“So did that help you narrow it down any?” Tony asks the kid as they step out of the exhibit hall.
“Uhh…” Peter is flipping through the various brochures he’s accumulated throughout the day, looking dazed. Tony can’t blame him—the New York STEM College Fair is a lot to take in. He and Peter have been hopping from booth to booth since nine o’clock that morning, and after a full day of enthusiastic recruiters, brilliant technological exhibits, and numerous college presentations, even Tony is feeling a bit overstimulated.
Happy is tailing behind, his arms loaded down with the free college merch he keeps picking up from various tables. “RIT had the best cookie samples,” he comments.
“Mm…” Peter hums, nodding in recollection. “Those were the ones with the M&Ms, right?”
“Yup,” Happy confirms, “unlike Princeton with that oatmeal raisin crap.” His face screws up in disgust. “It’s the twenty-first century—why are we still putting shriveled grapes in baked goods?”
Peter lets out a tired giggle, and Tony just rolls his eyes. “So aside from the snacks, did any of the schools stick out to you?”
Shrugging, Peter steps onto the escalator that leads to the downstairs lobby, the other two following behind. “I dunno, a lot of them looked cool,” he says non-committedly.
“I’ll always be partial to MIT,” Tony says casually. “But I do understand if CalTech swayed you—that robotics demonstration was impressive. Or there’s always UCLA if—”
“God no,” Happy butts in with a groan. “Over my dead body.”
Tony sighs exasperatedly at Happy. “Just because they kicked you out doesn’t mean they’re a bad school.”
Happy waves a hand dismissively. “Yeah, yeah, say that all you want, but I was set up, I tell you...”
Peter glances quizzically in Tony’s direction, but then just shrugs again and goes back to staring straight ahead as they continue their descent. Tony figures the kid must really be tired if he’s not even curious enough to question Happy further.
Peter muses, “I was talking with a couple student reps from Hopkins who said their cafeteria food is actually pretty decent...”
“Hopkins?” Tony frowns. “You wanna be a doctor now? I thought you were going the physics route.”
Peter hums a bit and grips the side rail. “Not really, just looking around…”
“That’s good—look all you want,” Tony says with an approving nod. “Besides, it’s only your junior year. You’ve got plenty of time to figure it out.”
Today has been fun for Tony, getting to show Peter all of his college options. This fair is exactly the kind of event Tony never got to attend himself when he was younger, given that Howard had all of Tony’s education planned out for him before he could even walk. He huffs humorously. “At least you’re older than I was. I’m telling you, kid, when you start college before your balls even drop, you—”
All at once, Peter’s legs give out and he goes pitching forward, his knees crashing into the step in front of him.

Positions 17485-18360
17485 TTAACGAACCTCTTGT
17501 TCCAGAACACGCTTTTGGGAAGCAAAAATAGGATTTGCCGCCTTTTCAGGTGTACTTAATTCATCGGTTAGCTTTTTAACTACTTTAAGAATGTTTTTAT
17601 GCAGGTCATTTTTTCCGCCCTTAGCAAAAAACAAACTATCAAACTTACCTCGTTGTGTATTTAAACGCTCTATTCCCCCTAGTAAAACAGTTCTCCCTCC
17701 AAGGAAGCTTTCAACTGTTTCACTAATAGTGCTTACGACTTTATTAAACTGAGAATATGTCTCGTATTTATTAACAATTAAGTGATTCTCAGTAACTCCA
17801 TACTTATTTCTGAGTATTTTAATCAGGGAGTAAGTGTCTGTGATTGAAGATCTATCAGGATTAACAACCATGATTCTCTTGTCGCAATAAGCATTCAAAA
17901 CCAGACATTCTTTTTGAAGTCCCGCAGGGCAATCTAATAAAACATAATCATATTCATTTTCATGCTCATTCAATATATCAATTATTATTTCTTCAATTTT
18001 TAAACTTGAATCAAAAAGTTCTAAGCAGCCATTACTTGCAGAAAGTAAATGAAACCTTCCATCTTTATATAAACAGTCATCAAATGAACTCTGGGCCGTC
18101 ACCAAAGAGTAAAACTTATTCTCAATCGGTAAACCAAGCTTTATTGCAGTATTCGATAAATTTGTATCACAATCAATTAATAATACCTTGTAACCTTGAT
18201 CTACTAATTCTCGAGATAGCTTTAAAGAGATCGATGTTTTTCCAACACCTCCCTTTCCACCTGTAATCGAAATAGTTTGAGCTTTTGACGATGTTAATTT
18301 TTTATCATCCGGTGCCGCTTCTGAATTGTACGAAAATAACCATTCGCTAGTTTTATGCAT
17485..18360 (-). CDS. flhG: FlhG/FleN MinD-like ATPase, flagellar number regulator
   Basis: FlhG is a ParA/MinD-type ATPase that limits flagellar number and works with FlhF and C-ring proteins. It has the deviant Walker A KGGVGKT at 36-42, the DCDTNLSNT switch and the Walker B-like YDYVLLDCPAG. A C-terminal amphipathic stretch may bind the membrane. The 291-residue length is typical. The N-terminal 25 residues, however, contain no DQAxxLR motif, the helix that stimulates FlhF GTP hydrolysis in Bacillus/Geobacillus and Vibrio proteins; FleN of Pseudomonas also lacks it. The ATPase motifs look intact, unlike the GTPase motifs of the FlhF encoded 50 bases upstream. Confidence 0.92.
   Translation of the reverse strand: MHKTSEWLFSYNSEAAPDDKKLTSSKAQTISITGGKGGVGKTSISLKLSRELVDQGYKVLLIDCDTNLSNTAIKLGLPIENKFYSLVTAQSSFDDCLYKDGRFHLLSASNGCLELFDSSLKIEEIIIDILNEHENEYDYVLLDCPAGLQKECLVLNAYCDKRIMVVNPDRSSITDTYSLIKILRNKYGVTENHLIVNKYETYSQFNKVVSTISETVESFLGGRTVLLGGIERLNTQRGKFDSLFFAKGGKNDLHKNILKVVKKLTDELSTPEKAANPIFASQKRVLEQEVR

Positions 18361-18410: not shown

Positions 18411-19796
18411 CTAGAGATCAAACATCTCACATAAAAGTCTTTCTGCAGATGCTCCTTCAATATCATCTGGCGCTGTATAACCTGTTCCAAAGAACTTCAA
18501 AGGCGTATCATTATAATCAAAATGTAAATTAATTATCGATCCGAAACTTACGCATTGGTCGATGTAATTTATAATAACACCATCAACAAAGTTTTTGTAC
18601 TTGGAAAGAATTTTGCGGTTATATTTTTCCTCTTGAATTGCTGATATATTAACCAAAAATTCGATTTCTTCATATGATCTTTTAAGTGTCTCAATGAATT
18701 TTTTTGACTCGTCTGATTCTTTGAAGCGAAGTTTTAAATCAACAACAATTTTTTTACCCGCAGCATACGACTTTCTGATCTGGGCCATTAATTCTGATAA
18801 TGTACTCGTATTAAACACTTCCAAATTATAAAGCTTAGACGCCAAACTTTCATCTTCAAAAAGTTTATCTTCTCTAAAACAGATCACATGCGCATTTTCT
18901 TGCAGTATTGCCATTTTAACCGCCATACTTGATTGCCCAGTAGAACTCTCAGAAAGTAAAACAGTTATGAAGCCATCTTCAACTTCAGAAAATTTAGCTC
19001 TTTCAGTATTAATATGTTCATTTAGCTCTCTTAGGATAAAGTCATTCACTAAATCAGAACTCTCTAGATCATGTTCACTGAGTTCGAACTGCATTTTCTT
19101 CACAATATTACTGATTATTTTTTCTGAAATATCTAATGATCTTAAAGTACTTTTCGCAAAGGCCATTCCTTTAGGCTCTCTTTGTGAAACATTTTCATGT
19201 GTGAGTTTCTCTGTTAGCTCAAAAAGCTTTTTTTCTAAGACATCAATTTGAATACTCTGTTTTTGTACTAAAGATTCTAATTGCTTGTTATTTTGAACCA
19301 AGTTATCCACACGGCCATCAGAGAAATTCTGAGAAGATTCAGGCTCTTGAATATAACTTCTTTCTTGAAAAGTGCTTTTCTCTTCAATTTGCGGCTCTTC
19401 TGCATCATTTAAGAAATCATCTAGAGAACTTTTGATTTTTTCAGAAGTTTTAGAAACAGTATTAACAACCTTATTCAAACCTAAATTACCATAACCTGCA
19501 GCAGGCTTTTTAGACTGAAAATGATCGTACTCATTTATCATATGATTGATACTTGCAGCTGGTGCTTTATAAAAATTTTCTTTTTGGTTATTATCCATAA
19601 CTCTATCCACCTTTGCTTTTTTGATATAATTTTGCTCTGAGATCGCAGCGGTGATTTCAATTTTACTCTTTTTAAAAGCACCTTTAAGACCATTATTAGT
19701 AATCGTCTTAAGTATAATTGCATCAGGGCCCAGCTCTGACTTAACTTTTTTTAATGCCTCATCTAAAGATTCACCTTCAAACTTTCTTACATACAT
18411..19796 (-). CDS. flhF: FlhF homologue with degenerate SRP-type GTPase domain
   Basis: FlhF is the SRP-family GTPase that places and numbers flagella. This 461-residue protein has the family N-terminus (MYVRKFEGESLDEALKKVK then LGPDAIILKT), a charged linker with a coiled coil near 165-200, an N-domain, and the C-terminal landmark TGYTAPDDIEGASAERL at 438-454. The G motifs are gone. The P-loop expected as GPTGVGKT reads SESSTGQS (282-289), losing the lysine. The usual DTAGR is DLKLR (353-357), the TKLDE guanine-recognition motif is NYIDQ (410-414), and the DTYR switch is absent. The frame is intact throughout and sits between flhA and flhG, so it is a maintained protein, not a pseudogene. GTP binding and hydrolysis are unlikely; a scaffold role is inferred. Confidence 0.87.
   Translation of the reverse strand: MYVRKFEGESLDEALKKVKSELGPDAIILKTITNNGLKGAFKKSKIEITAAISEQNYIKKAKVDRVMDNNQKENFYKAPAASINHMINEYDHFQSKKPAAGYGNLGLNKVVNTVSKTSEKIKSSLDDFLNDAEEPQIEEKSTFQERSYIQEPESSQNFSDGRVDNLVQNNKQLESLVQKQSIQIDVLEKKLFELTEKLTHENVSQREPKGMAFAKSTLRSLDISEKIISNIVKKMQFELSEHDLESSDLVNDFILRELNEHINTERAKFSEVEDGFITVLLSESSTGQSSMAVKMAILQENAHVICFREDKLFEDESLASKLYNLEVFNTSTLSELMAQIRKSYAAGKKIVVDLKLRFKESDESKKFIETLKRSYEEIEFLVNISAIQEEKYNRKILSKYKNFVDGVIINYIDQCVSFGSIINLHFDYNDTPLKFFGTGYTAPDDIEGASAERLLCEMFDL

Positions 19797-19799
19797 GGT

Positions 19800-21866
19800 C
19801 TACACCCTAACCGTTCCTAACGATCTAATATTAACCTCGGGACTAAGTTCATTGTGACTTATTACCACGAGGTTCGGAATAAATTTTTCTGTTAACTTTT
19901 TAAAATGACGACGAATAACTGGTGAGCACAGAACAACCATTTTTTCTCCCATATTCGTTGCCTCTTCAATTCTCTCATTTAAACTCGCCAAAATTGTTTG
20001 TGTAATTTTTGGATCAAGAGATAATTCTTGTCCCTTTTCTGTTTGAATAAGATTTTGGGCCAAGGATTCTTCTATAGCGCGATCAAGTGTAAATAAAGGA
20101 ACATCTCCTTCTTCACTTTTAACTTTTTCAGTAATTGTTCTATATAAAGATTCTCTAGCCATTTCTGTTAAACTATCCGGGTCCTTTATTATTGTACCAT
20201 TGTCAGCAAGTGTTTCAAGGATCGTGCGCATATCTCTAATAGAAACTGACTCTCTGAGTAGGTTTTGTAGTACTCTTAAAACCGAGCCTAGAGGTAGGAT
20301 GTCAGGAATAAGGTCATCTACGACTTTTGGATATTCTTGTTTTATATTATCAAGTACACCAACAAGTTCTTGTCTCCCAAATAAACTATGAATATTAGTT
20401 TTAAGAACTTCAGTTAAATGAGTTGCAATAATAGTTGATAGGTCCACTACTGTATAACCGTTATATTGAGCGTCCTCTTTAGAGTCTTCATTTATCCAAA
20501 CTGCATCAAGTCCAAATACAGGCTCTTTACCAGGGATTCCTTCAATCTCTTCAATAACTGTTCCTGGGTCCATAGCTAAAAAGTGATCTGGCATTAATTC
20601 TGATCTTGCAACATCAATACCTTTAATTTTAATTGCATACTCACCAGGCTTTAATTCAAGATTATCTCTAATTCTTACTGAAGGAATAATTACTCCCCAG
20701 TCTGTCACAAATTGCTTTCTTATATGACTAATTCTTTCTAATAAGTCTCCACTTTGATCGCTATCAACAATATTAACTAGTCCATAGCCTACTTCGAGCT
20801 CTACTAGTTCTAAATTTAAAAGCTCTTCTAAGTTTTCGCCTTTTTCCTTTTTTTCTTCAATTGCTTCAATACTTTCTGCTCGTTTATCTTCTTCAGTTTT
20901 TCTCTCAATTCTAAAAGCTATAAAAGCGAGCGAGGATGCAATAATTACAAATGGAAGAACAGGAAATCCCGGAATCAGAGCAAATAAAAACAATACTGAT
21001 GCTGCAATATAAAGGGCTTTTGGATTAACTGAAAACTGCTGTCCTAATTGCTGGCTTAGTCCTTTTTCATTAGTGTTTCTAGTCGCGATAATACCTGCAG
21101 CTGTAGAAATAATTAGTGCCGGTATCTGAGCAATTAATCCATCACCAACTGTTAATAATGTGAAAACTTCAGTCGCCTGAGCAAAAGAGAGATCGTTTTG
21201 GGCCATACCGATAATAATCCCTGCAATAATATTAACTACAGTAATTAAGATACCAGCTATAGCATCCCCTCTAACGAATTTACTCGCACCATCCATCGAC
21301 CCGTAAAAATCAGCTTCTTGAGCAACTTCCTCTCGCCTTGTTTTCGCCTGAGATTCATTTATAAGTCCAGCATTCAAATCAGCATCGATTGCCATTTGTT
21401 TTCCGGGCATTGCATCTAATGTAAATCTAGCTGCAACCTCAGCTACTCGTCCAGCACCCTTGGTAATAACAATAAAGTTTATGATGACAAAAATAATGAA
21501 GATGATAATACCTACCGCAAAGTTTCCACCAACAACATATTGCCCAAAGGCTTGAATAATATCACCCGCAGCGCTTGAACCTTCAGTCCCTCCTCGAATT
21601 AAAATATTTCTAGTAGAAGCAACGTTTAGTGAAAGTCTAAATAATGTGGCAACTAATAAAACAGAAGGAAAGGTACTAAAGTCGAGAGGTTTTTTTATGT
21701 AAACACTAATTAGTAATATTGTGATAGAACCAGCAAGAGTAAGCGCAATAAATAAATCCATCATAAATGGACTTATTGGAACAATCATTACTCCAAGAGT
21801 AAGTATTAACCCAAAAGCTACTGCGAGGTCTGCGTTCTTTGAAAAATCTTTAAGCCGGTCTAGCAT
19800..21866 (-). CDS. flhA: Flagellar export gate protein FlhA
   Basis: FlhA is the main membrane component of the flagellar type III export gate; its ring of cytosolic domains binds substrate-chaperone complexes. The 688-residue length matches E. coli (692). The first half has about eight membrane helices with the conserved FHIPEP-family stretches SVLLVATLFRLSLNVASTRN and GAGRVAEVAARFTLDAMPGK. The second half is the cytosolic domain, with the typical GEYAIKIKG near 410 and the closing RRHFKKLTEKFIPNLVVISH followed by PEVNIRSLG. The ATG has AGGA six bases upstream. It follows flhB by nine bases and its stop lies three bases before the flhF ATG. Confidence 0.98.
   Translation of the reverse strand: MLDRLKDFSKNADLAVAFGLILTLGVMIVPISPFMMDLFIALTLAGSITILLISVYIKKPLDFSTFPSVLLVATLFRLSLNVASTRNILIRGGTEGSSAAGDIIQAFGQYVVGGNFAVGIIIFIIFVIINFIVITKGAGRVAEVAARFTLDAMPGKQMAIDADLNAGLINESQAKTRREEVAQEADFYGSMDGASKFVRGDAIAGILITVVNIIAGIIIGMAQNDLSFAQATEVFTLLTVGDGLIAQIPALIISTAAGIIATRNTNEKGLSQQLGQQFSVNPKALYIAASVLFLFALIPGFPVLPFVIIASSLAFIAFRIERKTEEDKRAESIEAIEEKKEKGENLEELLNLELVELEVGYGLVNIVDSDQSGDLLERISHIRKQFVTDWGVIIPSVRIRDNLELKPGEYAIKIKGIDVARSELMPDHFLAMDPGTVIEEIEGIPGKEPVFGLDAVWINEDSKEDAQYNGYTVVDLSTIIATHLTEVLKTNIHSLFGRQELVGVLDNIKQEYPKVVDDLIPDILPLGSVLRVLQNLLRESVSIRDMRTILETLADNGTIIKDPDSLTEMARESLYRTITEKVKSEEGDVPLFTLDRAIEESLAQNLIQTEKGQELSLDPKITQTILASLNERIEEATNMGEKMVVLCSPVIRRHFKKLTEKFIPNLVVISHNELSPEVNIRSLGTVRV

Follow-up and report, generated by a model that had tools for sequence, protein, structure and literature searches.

Swearing sharply, both Happy and Tony make a grab for the kid’s arm, but Peter is two steps below them and gravity is winning this round. Peter continues to tumble limply down the rest of the moving stairs, eliciting cries of surprise and horror from bystanders.
“Peter!” Tony cries. His heart pounding, he races down the rest of the stairs, Happy hot on his heels. Peter hits the bottom, his head landing mere inches from where the stairs disappear into the ground. Thankfully, someone slaps the emergency stop button on the escalator and it comes to a halt before the receding stairs can catch Peter’s curls.
A small crowd gathers as Tony drops to his knees beside Peter’s unconscious body. There’s a bloody gash near Peter’s hairline that matches the sharp grooves on the edge of the escalator steps. He stretches out a hand to touch the kid’s arm, but is interrupted by a frantic-sounding lady.
“Don’t move him, don’t move him!” she cries. “I’ll get help!”
Happy drops his armfuls of free merch onto the ground and immediately assumes his head of security stance, pushing the crowd back. “It’s alright, ma’am, we’ve got this under control,” he assures.
Tony taps Peter’s shoulder urgently. “Hey, Pete, time to wake up, buddy…” He’s scanning the kid’s body for any obvious signs of other injuries. “C’mon, rise and shine,” he commands.
Finally, Peter groans. His eyelids flutter open, causing Tony to breathe out a sigh of relief. “...Wha’ ‘appen’?” he mumbles.
“Yeah, that’s what we’re all wondering, kid,” Tony says with a huff. Peter is already starting to gingerly push himself up, so Tony helps him the rest of the way to sitting. He pulls a handkerchief out of his jacket pocket and presses it to the cut on Peter’s forehead. “Kinda hoping you could shed some light on why you just decided to take a swan dive down the escalator.”
“Huh?” Peter looks confused. “...I did what?” He blinks around, taking in the conference center and crowd surrounding them. “Oh.” The color is rapidly returning to his cheeks now and he moves a shaky hand up to take the handkerchief from Tony. “Whoops.”
Tony’s eyes narrow. “When’s the last time you had something to eat?”
Peter thinks for a second. “Um… there were some Hershey’s Kisses at the Vanderbilt table? So… maybe three hours ago?”
With an exasperated sigh, Tony pinches the bridge of his nose. Curse these damn superheroes and their super metabolisms—he recalls when Steve once swooned while walking across a busy street in London because they were forty-five minutes late for lunch.
“Alright, kid.” Tony stands and hoists Peter up to his feet. “Let's get some McDonald’s into you.”